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Virginia Teenager's Death Puts Spotlight On Road Rage

Scott Olson
Getty Images

The killing of a Virginia teen over the weekend is drawing a new focus on road rage.

Fairfax County police say Nabra Hassanen, 17, was killed early Sunday by an angry motorist after an encounter with a group of Muslim teenagers walking along a road on their way back to a mosque.

Police have arrested Darwin Martinez Torres, 22, and charged him with second-degree murder. Authorities say he beat Hassanen with a baseball bat, then put her in his car, assaulted her again, and dumped her dead body in a pond.

The police are describing it as an incident of road rage that escalated into deadly violence. But local Muslim leaders are skeptical and have called on authorities to investigate the killing as a possible hate crime.

For some experts, desciribing this case as road rage seems odd.

"That's beyond road rage I would say," says Mary Vriniotis, a researcher at the Harvard Injury Control Research Center in Boston.

"I don't think most folks who study either auto fatalities or homicides would describe that as a road rage incident," she says.

Law enforcement agencies don't typically single out road rage episodes as a category for data collection, so it's hard to get a handle on what factors lead to deadly outcomes in such incidents.

Figures from the National Highway Traffic Safety Administration do indicate a rise in traffic deaths attributed to aggressive driving — from 292 fatalities in 2011 to 467 in 2015.

A 2016 survey by the AAA Foundation for Traffic Safety found that nearly 80 percent of drivers expressed anger, aggression or rage behind the wheel at least once in the last year. It also found that about 8 million U.S. drivers engaged in extreme road rage behaviors, such as purposefully ramming another vehicle or getting out of the car to confront another driver.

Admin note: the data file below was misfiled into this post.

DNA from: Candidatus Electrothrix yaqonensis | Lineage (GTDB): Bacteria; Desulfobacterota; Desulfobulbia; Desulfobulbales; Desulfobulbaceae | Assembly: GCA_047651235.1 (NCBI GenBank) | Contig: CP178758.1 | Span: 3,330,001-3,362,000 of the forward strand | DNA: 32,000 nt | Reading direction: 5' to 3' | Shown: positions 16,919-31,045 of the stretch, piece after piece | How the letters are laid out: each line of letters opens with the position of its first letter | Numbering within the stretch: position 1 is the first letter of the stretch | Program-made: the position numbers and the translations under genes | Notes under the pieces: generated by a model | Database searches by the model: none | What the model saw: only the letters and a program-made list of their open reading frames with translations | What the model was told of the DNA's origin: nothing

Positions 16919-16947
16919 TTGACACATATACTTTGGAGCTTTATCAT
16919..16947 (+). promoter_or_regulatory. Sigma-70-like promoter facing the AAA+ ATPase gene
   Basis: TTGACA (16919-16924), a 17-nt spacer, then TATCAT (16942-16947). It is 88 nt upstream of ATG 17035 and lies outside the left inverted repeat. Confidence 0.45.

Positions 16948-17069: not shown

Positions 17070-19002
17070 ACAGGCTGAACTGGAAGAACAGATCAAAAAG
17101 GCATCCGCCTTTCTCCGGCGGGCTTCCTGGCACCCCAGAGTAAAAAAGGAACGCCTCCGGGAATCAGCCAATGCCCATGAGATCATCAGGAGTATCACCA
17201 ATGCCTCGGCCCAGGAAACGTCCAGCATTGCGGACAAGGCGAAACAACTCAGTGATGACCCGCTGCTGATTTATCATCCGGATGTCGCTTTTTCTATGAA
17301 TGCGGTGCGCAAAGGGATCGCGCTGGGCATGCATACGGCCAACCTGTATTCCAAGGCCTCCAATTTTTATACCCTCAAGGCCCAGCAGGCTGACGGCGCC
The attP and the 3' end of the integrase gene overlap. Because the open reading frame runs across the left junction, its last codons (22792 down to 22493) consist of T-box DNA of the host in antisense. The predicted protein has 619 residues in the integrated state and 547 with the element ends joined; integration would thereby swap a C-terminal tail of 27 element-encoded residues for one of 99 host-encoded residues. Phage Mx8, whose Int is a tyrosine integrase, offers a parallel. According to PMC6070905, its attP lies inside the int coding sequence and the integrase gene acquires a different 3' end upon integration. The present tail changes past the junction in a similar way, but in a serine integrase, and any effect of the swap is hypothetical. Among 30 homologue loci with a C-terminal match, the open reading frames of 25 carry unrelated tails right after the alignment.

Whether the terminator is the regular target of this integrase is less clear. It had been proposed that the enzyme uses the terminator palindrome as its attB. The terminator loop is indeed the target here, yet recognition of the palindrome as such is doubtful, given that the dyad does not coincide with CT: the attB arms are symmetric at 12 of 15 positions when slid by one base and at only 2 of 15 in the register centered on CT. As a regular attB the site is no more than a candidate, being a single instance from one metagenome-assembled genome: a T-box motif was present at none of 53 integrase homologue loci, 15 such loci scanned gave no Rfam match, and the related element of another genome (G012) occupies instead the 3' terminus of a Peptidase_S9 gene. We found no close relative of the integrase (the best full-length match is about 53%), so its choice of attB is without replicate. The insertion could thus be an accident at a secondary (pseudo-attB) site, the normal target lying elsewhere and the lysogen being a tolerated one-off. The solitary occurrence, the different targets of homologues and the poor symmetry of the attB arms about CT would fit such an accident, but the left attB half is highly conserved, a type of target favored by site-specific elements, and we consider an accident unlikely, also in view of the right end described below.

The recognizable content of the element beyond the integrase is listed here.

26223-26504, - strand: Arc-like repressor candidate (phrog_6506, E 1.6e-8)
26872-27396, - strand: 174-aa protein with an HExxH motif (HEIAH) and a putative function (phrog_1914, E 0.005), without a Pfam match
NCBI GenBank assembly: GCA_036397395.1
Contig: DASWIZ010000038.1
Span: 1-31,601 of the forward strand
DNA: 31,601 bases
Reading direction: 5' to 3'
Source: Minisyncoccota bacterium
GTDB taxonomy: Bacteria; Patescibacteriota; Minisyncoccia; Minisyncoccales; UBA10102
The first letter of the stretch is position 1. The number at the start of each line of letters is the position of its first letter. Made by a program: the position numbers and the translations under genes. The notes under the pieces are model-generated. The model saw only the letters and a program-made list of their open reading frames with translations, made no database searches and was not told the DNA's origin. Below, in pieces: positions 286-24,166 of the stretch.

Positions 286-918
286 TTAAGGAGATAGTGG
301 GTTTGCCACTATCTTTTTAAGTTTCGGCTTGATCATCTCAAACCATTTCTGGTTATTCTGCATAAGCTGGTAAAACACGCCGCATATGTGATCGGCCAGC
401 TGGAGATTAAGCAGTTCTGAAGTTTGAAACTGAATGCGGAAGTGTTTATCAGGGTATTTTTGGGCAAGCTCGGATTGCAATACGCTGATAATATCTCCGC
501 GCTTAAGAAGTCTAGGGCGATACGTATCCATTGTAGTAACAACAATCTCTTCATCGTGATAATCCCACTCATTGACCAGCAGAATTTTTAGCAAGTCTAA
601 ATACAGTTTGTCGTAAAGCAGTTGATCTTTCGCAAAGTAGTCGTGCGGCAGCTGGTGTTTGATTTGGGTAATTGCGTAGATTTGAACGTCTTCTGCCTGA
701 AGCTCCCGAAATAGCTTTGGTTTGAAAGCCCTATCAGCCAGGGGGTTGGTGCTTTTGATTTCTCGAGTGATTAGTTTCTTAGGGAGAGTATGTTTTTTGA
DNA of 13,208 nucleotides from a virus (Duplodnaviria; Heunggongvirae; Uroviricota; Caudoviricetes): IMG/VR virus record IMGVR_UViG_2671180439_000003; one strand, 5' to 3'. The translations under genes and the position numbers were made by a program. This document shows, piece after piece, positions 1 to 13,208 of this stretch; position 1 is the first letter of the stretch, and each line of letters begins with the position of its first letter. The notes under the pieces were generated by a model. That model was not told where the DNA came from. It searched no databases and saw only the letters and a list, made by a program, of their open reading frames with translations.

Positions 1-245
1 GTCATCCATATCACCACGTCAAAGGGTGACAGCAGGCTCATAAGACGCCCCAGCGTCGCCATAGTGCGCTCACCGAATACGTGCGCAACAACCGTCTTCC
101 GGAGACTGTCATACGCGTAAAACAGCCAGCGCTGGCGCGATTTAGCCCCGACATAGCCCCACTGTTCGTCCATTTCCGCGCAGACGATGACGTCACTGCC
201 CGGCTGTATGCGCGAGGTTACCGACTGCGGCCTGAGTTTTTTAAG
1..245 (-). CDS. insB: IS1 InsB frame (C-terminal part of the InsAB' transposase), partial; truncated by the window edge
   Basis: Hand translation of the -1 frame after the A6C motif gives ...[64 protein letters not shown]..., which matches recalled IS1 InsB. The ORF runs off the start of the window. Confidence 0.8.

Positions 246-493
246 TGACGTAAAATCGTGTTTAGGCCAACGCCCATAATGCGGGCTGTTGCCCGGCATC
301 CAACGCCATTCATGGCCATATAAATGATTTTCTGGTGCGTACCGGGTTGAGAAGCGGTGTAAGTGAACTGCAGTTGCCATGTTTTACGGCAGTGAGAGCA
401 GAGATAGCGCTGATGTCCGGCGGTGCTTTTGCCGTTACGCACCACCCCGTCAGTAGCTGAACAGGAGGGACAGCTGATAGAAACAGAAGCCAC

Vriniotis is co-author of a study in 2006 on the relationship between having a gun and the likelihood of road rage.

She says road rage incidents are most likely to involve young male drivers, who also engage in other risky behaviors such as drinking.

Those who said they had a firearm in the car were more likely to exhibit road rage behaviors like making an obscene gesture or aggressively following another vehicle too closely.

"Raising the idea that perhaps just having the gun there changes your response to things in your environment that are aggravating to you, like driving," Vriniotis says.

High-profile cases draw attention to road rage. For instance, consider the 2016 killing of former New Orleans Saints football player Will Smith, who was gunned down by a man who had rear-ended his car.

There are lesser-known road rage incidents just about every day. Like the case in California Wednesday where a motorcyclist kicked a car, causing a chain reaction crash. The car he kicked swerved into another lane of traffic, hitting a truck that then overturned, injuring the driver.

"It's an increasing out-of-control public health crisis," says Leon James, a professor of psychology at the University of Hawaii.

He teaches a driving psychology class and has written a book about road rage and aggressive driving.

"I believe that it's been increasing due to the fact that society has become a little bit more permissive of aggressiveness," says James.

It comes down to a lack of civility, he says. "Aggressive driving is eroding our social conscience."

Shaheen Ainpour is an intern for the National Desk.

Copyright 2021 NPR. To see more, visit https://www.npr.org.

NPR National Correspondent Debbie Elliott can be heard telling stories from her native South. She covers the latest news and politics, and is attuned to the region's rich culture and history.
Shaheen Ainpour

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